Earlier this week, Nancy Pelosi told CNN’s Anderson Cooper that Donald Trump probably shouldn’t be taking hydroxychloroquine because he’s “morbidly obese”:
— Daily Caller (@DailyCaller) May 19, 2020
Some people might look at that as fat-shaming. But let Nancy be clear: she wasn’t fat-shaming Trump at all. She was just “being factual in a very sympathetic way”:
.@SpeakerPelosi on calling President Trump morbidly obese: "I gave him a dose of his own medicine…I was only quoting what doctors had said about him so I was being factual in a very sympathetic way."
— CSPAN (@cspan) May 20, 2020
She was only trying to be factual, you guys! And also give “him a dose of his own medicine.”
You can see this bizarre rhetorical maneuver all the time in public discourse: Here's a brazen insult, high-five supporters, then insist it wasn't an insult but good-faith sympathy. https://t.co/3Y1HpcbStT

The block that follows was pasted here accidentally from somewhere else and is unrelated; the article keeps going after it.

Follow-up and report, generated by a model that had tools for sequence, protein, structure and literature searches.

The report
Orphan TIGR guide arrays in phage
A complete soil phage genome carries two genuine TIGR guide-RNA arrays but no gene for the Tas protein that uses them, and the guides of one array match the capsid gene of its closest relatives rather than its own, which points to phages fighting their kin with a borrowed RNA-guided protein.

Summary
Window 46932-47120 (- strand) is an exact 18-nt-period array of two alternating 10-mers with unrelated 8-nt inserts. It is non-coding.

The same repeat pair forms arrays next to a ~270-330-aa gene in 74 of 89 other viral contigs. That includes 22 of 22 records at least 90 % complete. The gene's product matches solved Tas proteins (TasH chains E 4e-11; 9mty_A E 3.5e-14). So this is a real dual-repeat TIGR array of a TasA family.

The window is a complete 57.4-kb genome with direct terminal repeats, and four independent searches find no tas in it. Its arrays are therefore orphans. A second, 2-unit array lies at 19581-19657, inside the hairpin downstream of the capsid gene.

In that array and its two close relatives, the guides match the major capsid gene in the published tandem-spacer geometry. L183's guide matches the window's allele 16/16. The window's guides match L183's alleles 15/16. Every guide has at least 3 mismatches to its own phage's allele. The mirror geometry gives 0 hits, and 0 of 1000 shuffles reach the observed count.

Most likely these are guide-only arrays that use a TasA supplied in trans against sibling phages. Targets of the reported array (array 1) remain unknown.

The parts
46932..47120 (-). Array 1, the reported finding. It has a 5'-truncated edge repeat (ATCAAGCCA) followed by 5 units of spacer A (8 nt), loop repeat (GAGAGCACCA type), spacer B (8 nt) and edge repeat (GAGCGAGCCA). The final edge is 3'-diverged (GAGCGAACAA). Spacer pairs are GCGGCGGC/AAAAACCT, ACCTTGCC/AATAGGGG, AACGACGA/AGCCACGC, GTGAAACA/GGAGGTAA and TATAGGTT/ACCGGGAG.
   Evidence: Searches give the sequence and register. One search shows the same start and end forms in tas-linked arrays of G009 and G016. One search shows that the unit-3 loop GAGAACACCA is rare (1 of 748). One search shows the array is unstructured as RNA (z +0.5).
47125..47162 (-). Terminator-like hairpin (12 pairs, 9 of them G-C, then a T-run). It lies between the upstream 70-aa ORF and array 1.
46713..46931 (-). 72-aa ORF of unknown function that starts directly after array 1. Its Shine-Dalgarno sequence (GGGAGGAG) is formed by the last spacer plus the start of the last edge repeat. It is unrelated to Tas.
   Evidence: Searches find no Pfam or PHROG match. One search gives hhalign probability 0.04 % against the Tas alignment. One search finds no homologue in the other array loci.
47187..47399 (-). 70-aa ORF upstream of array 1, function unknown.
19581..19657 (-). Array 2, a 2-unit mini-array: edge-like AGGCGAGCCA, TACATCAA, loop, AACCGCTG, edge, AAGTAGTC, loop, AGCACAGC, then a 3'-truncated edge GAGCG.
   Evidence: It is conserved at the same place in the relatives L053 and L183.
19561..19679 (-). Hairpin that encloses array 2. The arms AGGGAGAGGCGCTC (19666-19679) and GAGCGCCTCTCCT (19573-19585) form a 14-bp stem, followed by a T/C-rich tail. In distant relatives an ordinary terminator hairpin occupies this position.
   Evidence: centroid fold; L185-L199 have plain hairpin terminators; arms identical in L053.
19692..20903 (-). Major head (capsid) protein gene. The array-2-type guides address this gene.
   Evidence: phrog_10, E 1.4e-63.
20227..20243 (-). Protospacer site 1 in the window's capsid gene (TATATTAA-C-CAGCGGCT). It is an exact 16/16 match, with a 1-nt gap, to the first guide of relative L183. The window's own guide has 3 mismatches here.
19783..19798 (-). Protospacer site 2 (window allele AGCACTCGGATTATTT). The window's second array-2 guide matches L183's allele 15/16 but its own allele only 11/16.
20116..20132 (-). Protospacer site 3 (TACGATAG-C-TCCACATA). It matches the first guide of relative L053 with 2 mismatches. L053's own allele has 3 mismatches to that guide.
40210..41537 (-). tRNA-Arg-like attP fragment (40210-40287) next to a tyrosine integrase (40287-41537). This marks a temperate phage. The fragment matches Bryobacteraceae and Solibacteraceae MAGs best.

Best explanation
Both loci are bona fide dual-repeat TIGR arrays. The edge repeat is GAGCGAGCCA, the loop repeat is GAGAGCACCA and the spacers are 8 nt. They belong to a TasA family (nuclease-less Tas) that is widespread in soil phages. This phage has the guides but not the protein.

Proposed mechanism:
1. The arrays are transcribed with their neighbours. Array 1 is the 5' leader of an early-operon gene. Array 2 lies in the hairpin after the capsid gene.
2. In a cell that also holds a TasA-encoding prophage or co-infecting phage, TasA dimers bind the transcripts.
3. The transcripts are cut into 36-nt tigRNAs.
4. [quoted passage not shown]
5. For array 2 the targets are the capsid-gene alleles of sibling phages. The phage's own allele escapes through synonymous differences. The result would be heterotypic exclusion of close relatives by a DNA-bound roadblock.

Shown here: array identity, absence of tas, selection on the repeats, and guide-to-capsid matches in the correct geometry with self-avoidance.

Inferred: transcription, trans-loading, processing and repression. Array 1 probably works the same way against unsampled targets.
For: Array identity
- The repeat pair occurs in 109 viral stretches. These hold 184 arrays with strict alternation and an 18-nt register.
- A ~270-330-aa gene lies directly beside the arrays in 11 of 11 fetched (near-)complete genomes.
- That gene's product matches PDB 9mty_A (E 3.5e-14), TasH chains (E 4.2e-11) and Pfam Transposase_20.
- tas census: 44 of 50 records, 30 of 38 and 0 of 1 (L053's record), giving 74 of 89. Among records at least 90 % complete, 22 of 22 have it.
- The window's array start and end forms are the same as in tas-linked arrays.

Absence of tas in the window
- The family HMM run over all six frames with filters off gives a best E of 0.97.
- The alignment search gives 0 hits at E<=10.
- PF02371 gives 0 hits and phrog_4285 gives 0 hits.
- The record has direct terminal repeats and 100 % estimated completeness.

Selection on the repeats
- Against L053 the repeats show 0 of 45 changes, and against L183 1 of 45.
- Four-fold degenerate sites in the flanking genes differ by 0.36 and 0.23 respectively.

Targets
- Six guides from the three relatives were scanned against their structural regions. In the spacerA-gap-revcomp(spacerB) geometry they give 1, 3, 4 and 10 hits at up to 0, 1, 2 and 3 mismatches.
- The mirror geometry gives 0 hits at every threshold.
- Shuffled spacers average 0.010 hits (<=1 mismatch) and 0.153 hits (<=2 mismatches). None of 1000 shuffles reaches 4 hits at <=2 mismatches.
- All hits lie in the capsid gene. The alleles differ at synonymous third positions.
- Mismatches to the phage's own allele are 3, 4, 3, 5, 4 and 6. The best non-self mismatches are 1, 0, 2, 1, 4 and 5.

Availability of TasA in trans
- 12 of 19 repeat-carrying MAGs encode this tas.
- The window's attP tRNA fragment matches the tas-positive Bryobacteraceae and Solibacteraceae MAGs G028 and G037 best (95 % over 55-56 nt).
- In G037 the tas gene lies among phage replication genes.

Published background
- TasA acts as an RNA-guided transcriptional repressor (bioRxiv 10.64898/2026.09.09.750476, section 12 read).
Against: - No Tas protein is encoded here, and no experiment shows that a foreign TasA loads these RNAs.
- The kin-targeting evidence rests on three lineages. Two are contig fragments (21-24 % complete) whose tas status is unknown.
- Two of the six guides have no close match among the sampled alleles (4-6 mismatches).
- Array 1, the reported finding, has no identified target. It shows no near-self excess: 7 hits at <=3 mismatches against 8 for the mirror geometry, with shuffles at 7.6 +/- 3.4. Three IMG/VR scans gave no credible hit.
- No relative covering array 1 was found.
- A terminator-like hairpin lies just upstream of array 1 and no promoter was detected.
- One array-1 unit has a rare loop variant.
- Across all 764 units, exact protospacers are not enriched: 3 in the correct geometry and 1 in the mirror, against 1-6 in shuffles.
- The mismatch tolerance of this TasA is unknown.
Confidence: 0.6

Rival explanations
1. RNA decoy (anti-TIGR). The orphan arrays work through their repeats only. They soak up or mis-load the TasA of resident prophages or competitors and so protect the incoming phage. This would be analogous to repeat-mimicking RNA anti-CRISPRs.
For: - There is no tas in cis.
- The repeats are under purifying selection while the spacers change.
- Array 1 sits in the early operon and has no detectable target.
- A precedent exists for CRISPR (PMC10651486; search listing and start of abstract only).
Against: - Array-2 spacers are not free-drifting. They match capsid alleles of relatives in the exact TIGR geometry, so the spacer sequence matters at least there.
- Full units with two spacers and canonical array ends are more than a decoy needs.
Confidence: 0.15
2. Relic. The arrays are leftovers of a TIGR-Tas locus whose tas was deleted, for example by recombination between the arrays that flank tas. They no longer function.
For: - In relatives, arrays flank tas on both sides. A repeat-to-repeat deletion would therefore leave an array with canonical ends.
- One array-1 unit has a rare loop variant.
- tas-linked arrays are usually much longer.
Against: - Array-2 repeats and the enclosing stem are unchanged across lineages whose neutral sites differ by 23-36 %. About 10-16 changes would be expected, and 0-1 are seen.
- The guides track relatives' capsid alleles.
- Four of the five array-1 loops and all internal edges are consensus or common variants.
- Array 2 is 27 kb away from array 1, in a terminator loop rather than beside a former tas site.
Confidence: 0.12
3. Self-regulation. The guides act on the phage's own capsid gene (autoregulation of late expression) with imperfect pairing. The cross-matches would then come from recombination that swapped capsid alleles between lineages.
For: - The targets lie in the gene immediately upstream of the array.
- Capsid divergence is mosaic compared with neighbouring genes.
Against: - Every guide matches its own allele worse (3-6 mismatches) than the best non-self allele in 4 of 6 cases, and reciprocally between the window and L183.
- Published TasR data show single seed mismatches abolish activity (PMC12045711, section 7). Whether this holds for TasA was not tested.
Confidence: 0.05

— Jim McCarthy (@JMacNYC) May 20, 2020
It’s OK when Democrats do it. That (D) is magic, you know.
So Pelosi thinks it's humorous to fat shame people? https://t.co/I1uYzvaQav
— Kate Hyde (@KateHydeNY) May 20, 2020
Justifying body shaming 👌🏼
— ♓️Erin🌱 (@ErinWitt942) May 20, 2020
The women leading the supposed “Party of Science” is not quoting what a doctor said about the US President.
Also, when Trump goes lower, you don’t have to beat him into the sewer.
— kaitlin, not one of biden’s calendar models (@thefactualprep) May 20, 2020